CGjenny

Acting “as if”

Recently, Jack decided to list the ways that he and I alike. This surprised me because, more often than not now, he’s rolling his eyes at me, so the fact that he wanted to, not only acknowledge the ways that we’re similar, but list them, made me swell with pride. Here’s what we came up with:

  1. We’re both left-handed
  2. We both have light-colored eyes
  3. We both choose Sour Patch Kids over M&M’s at the movies
  4. We both are early birds
  5. Neither one of us really enjoys rollercoasters

And then, I added, “and we’re both shy.” As soon as I said that, Jack looked at me like I had garlic growing out of my ear.

I think it’s well-documented that both Jack and I are introverts, but I don’t think that Jack has ever thought of me as an introvert. In fact, the day that we were coming up with this list, was the same day that we had more parties to attend than I care to discuss right now (introvert hangover still in progress) and he’d seen me (seemingly) effortlessly glide around all of the parties, talking with people, laughing–appearing, by all accounts the well-adjusted, party-loving extrovert.

When he looked at me funny when I told him that I am shy, I quickly added, “But I’m really good at pretending NOT to be shy.” At that moment, he got really still and quiet and I saw the proverbial “lightbulb” go off above his head.

I don’t think that it had ever occurred to him that he could act “as if” he wasn’t shy.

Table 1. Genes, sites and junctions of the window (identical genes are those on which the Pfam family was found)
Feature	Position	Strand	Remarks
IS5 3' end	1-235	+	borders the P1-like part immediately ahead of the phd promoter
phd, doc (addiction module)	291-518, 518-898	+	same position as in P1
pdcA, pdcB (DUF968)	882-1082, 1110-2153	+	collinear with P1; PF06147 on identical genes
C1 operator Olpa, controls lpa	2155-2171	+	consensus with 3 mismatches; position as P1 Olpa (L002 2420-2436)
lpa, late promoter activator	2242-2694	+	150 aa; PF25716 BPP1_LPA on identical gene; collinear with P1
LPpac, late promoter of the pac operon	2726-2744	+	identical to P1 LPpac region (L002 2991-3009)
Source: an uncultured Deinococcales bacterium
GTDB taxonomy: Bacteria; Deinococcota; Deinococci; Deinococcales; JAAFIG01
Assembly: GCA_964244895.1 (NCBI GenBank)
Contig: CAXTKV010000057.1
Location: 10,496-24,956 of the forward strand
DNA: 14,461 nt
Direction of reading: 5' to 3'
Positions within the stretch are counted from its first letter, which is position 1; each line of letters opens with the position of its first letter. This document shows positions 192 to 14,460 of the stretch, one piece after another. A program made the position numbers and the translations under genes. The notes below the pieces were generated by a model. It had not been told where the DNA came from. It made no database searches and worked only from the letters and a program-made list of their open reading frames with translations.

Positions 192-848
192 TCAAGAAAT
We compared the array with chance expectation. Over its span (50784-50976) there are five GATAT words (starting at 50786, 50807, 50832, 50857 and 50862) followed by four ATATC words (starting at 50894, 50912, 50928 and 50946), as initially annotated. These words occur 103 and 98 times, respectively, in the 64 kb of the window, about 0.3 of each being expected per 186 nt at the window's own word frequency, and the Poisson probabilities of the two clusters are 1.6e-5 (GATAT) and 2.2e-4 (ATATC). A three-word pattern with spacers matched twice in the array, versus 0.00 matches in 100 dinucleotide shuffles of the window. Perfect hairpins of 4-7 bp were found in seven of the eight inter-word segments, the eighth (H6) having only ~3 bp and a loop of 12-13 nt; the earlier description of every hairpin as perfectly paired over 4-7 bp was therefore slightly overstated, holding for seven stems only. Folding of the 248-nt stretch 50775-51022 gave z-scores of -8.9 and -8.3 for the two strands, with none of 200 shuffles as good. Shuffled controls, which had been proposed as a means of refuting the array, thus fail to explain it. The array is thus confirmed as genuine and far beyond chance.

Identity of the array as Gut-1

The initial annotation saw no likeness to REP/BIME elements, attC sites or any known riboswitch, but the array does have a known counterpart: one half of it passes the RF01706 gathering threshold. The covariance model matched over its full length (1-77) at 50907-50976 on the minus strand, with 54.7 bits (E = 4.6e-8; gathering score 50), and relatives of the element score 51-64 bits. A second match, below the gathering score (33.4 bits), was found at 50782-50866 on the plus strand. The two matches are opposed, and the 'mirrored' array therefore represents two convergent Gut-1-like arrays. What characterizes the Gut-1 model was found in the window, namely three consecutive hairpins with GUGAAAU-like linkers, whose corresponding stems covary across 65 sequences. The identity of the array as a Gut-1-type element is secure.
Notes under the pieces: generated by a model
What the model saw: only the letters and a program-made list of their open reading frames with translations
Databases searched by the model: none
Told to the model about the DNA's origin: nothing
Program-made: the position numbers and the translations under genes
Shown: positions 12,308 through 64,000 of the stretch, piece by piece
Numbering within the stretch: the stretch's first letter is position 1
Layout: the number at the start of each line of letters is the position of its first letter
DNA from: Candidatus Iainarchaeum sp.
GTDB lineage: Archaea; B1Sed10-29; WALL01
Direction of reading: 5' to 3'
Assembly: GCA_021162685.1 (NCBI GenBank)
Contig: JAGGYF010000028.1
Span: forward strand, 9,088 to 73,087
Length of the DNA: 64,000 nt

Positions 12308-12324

Acting “as if” is a fancy cognitive psychology idea that really just translates as “fake it ’til you make it.” In other words, what I explained to Jack that day was that yes, I am very shy, but that I can also pretend that i’m not shy when I need to–like at parties. Honestly, that’s probably what often causes this “introvert hangover” that I feel after being social, but it also gets me through a situation and, more often than not, I end up enjoying myself.

The thing that’s really cool about acting ‘as if” is that it applies in most areas of life: I think at every job I’ve ever started, I’ve acted “as if” for the first few weeks. Every time I’ve joined a new gym, I’ve tried my best to act “as if” and walk around like I know where I’m going, know how the machines work know what the classes are all about.

It also works in sobriety. Those first couple of years, I did a lot of acting “as if”–acting as if I WASN’T miserable and searching for a way to figure out who I was. I did my best to act like a secure and sober person and guess what? I turned into that person. How cool is that?

3+
CGjenny

Anatomy of a Girls’ Night Out

…when you’re the sober one.

Girls' Night Out

6:01pm: Naturally, I’m the designated driver, so I pull away from my house to begin the rounds of picking up the girlfriends/neighbors. After briefly cleaning out fast food bags, a lone kid’s sock and an empty yogurt tube out of the back of my car, I head out. I choose the most offensive, misogynistic rap music available for the car trip to the bar/restaurant, because–no kids.

6:30: We arrive at the restaurant and, after exiting the car, compliment everyone’s respective outfits, unsensible shoes and lip gloss application.

Time to order drinks:

I order a water (whomp, whomp).

Paula orders some type of strawberry/lemonade, (with vodka) fancy-pants-looking, umbrella drink.

Amy orders a Crown and Coke

Renee nurses one glass of red wine over the course of the whole evening (how’s that even possible?)

Discussions ensue about weight loss/exercise, food, husbands, sex, traumatic birth/breast-feeding stories–you know, pretty par for the course for moms on a wild night out.

9:37pm. As we’re all winding down; yawns are replacing our guffaws, and we’re about ready to head home, Alana–the chronically late one, bless her heart–texts: “I’m 11 minutes away! Can’t wait to see you all!”

Collective groans, muttering under our breath and yawns ensue.